A recent surge in the admission of COVID-19 patients to intensive care units at hospitals across Japan is complicating the provision of care to other seriously ill patients, some of which are not receiving the medical attention they need.
Over the past few days the numbers of new daily COVID-19 cases appear to have been decreasing, with a near one-month low of 2,764 new cases reported Monday, according to a Kyodo News tally.
But the number of critically ill COVID-19 patients are still on the rise, with a record 1,017 cases recorded Monday, the health ministry has said.
The central government offers a variety of subsidies aimed at increasing the number of intensive care beds available to novel coronavirus patients. Those funds are used to set up partition walls and negative pressure rooms inside the ICU, for example, to prevent transmission of the virus to other areas of the unit where people with other diseases are treated.
But increasing ICU capacity for COVID-19 patients comes at the expense of cutting ICU capacity for other patients suffering from common medical conditions such as heart attacks, and has far-reaching repercussions on traditional health care.
“If the ICUs were expanded (for novel coronavirus patients), we would not be able to accept as many serious noncoronavirus patients suffering from myocardial infarction, for example, as we do now,” said Dr. Kentaro Iwata, head of the infectious diseases department at Kobe University Hospital in Hyogo Prefecture, on Jan. 13. “That means those people would be left to die of myocardial infarction at home. So we are being forced to make an ultimate choice based on which would lead to less misery.”
Kobe University Hospital, which provides second-line hospital care for COVID-19 patients in Hyogo Prefecture, takes in patients when first-line hospitals in the city have no more room to accept them.
The university hospital is just one such facility facing such difficult choices. Hospitals in other parts of Japan, including Chiba Prefecture, are increasingly facing the heavy burden of dealing with severe COVID-19 cases.
Dr. Koutaro Yokote, director-general of Chiba University Hospital, says treating seriously ill COVID-19 patients often requires the attention and involvement of emergency and intensive care physicians, which is leading to a terrible trade-off with intensive care provision for patients suffering from common but critical ailments.
Complicating the effort is the fact that patients with severe COVID-19 require at least double the number of staff required to treat those who are seriously ill with other medical issues.
“As a result, we are starting to see cases where coronavirus patients and other emergency patients are not accepted at any hospitals, with the ambulances bounced around between facilities, and we’re nearing a situation where we will not be able to save lives that could normally be saved,” Yokote said in a statement sent to The Japan Times.
Japan has an intensive care capacity of about 17,000 beds. But because of the need to treat all emergency cases, the number of beds available for seriously ill COVID-19 patients was limited to 3,600 as of last week, according to health ministry data.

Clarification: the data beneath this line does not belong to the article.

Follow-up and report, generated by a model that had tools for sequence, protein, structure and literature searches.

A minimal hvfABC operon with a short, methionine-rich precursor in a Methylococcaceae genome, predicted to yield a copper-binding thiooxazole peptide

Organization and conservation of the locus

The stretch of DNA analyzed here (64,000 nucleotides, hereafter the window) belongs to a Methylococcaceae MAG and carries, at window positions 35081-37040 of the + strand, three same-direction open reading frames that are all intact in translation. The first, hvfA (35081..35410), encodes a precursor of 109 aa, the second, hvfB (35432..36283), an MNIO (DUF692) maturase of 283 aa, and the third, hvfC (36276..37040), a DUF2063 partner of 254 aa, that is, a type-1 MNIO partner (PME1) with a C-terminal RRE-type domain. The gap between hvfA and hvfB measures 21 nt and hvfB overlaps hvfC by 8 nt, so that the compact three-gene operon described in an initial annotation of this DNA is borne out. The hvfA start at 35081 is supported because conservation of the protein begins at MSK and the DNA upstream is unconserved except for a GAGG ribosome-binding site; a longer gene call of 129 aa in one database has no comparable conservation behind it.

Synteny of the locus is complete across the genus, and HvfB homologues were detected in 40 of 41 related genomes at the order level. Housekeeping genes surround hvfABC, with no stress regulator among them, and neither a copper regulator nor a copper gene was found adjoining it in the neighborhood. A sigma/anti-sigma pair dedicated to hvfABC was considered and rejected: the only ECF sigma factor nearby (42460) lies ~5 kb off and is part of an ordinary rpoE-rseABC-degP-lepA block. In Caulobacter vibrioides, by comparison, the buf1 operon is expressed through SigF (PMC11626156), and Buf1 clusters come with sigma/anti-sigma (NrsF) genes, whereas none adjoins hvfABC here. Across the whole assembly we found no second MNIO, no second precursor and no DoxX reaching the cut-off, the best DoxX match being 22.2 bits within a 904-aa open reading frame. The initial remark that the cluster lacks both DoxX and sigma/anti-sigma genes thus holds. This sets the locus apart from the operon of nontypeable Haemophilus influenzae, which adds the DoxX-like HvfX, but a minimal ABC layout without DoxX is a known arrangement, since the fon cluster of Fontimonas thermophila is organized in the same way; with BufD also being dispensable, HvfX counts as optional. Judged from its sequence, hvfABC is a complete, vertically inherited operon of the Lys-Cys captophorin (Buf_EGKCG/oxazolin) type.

Many local governments have been publicly calling on medical facilities to increase the number of beds they make available for severe COVID-19 cases, but hospitals have been struggling to increase ICU capacity as separating part of the ICU for COVID-19 patients, amid worries over nosocomial (hospital-acquired) infection, is not easy.
Some local governments, including Kanagawa Prefecture, have taken advantage of the government subsidy to create makeshift prefabricated wards and boost the number of hospital beds for seriously ill COVID-19 patients.
Up until late October, all novel coronavirus patients were hospitalized. But since late October, due to the surge in new cases, only those age 65 or older, those with respiratory syndromes or other moderate and severe symptoms and pregnant women have been eligible for hospitalization, leaving those who are asymptomatic or who have mild symptoms to recuperate in hotels or at home.
Tokyo, which to date has seen the worst numbers of cases anywhere in the country, has gone even further, having patients under age 70 with no underlying conditions sent to hotels that are contracted out and repurposed by the capital as ad hoc medical facilities. Tokyo alone has more than 5,500 people on the waiting list for hospitalization or medical care within hotels, metropolitan government data shows.
Hospitals are already overwhelmed with COVID-19 patients to the extent that accepting admissions of other seriously ill patients is becoming a problem. In Nagoya in recent days, a man in his 60s and a woman in her 70s, neither infected with the novel coronavirus, both suffered from cardiac arrest in ambulances as paramedics struggled to find hospitals that would accept them.
“Right now, the beds for seriously ill patients are full and Hyogo Prefecture does not have much room to take new serious cases,” said Iwata of Kobe University Hospital.
“That you cannot go to a hospital, even if you develop a life-threatening illness, should be unthinkable in a country like Japan that has a national health insurance program,” he added. “But this is the reality.”
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